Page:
In situ characterization of benthic fluxes and denitrification efficiency in a newly re-established mussel farm

Astrid Hylén*, Daniel Taylor, Mikhail Kononets, Mats Lindegarth, Anna Stedt, Stefano Bonaglia, Per Bergström

*Corresponding author for this work

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Mussel farming has been proposed as a mechanism to mitigate eutrophication in coastal waters. However, localizing the intensive filtration of organic matter by mussels can cause a concomitant enrichment of organic matter in sediments below farms, which may influence biogeochemical processes and fates of nutrients in the system. In the context of mitigating eutrophication, it is important to quantify sedimentary changes induced at early life stages of mussel farms. Accordingly, this study investigated how a newly re-established mussel farm affected sedimentation rates, sediment characteristics, sediment-water solute fluxes and nitrate (NO3) reduction rates (measured in situ) during the first year of production. Sedimentation rates were enhanced at the farm relative to a reference station, and both organic and inorganic carbon accumulated in the sediment with time. Increased organic matter input likely drove the slightly elevated sedimentary effluxes of ammonium (NH4+) and dissolved inorganic phosphorus (DIP) in the farm. Denitrification was the main NO3 reduction process, however, there was a relative increase in the remobilization of bioavailable nitrogen underneath the farm as dissimilatory nitrate reduction to ammonium (DNRA) rates were enhanced by >200% and the denitrification efficiency was 49% lower compared to the reference station. The sedimentary methane (CH4) release tended to be higher at the farm, but fluxes were not significantly different from reference conditions. Low sedimentary pigment concentrations indicated a reduced presence of benthic microalgae at the farm, which likely influenced sediment-water solute fluxes. Over the production cycle, the release of dissolved inorganic nitrogen (DIN) and DIP underneath the farm were respectively 426% and 510% relative to reference conditions. Impacts of the mussel farm were thus measurable already during the first year of establishment. These immediate changes to the sediment biogeochemistry, as well as long-term effects, should be considered when estimating the environmental impact of mussel aquaculture.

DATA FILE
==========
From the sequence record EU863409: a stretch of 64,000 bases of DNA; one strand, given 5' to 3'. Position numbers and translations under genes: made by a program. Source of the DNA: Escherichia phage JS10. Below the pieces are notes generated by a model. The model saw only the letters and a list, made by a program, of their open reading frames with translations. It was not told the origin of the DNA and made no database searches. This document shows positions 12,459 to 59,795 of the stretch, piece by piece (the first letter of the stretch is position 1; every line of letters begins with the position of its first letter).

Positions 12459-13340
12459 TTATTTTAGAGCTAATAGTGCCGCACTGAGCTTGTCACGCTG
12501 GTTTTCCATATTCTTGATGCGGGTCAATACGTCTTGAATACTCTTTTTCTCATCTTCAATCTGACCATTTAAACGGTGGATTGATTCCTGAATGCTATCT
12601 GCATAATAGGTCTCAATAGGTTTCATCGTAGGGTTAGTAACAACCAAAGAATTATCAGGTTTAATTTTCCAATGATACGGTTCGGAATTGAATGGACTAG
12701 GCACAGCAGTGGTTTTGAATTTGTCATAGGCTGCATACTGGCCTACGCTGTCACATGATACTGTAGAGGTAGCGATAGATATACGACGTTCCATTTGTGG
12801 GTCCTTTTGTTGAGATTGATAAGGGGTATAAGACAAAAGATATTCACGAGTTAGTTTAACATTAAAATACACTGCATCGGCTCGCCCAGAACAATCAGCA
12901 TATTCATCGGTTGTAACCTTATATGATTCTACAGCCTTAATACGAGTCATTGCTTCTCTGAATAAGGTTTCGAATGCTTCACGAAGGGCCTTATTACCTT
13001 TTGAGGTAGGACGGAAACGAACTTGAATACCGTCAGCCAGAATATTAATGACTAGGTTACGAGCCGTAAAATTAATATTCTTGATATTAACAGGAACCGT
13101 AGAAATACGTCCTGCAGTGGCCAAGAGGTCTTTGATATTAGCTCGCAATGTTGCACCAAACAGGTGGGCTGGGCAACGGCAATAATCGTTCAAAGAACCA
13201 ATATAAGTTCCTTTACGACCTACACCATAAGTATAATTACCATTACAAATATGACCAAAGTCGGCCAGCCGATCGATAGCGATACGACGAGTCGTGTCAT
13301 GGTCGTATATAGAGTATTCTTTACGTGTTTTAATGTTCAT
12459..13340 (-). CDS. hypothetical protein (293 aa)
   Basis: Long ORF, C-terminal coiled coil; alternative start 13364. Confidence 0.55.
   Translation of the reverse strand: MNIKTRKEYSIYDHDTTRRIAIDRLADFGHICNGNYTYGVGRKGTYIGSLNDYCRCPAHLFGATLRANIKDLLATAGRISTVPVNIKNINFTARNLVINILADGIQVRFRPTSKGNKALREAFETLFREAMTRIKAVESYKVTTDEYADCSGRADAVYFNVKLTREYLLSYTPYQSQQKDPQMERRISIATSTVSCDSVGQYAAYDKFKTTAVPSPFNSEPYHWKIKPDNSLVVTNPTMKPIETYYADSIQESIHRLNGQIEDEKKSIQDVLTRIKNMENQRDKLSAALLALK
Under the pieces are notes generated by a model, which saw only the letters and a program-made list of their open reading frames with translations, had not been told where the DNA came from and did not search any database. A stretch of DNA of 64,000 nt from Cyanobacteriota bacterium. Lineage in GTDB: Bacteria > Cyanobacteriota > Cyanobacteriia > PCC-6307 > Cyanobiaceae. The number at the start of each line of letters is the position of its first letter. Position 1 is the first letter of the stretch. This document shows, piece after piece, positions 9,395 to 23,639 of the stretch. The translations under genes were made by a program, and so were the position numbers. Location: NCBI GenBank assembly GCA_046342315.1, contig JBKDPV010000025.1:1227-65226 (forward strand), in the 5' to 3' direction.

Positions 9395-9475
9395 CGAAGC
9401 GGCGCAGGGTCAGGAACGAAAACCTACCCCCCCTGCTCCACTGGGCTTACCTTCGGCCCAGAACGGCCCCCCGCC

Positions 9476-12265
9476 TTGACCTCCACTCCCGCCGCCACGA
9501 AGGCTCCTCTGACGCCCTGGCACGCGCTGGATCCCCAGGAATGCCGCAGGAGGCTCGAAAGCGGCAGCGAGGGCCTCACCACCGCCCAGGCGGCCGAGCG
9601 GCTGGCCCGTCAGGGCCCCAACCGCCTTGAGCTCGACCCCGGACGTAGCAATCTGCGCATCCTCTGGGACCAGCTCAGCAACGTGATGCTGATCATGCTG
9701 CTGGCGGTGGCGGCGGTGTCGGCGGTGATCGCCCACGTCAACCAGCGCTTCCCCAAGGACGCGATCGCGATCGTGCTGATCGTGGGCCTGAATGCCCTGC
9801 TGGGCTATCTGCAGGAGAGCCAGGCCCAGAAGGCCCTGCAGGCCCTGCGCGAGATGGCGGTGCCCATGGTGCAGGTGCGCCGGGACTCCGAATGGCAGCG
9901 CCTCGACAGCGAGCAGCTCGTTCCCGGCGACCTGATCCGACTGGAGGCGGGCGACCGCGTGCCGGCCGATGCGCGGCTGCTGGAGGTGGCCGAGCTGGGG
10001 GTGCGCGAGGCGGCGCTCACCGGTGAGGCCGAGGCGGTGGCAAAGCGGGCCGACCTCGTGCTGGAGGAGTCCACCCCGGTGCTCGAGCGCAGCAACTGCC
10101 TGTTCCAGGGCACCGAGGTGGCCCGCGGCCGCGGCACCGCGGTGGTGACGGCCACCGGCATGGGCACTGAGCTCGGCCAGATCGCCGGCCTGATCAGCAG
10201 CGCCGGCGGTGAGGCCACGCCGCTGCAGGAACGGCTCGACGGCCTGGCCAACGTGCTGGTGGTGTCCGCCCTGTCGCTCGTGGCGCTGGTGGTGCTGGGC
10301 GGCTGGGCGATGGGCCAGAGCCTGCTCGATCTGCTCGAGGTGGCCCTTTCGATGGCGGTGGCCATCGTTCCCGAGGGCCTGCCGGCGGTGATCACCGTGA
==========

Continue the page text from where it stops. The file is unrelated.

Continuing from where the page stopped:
Original languageEnglish
Article number146853
JournalScience of the Total Environment
Number of pages15
Publication statusPublished - 2021


  • Sediment
  • Eutrophication
  • Nutrients
  • Carbon
  • Aquaculture
  • Mitigation


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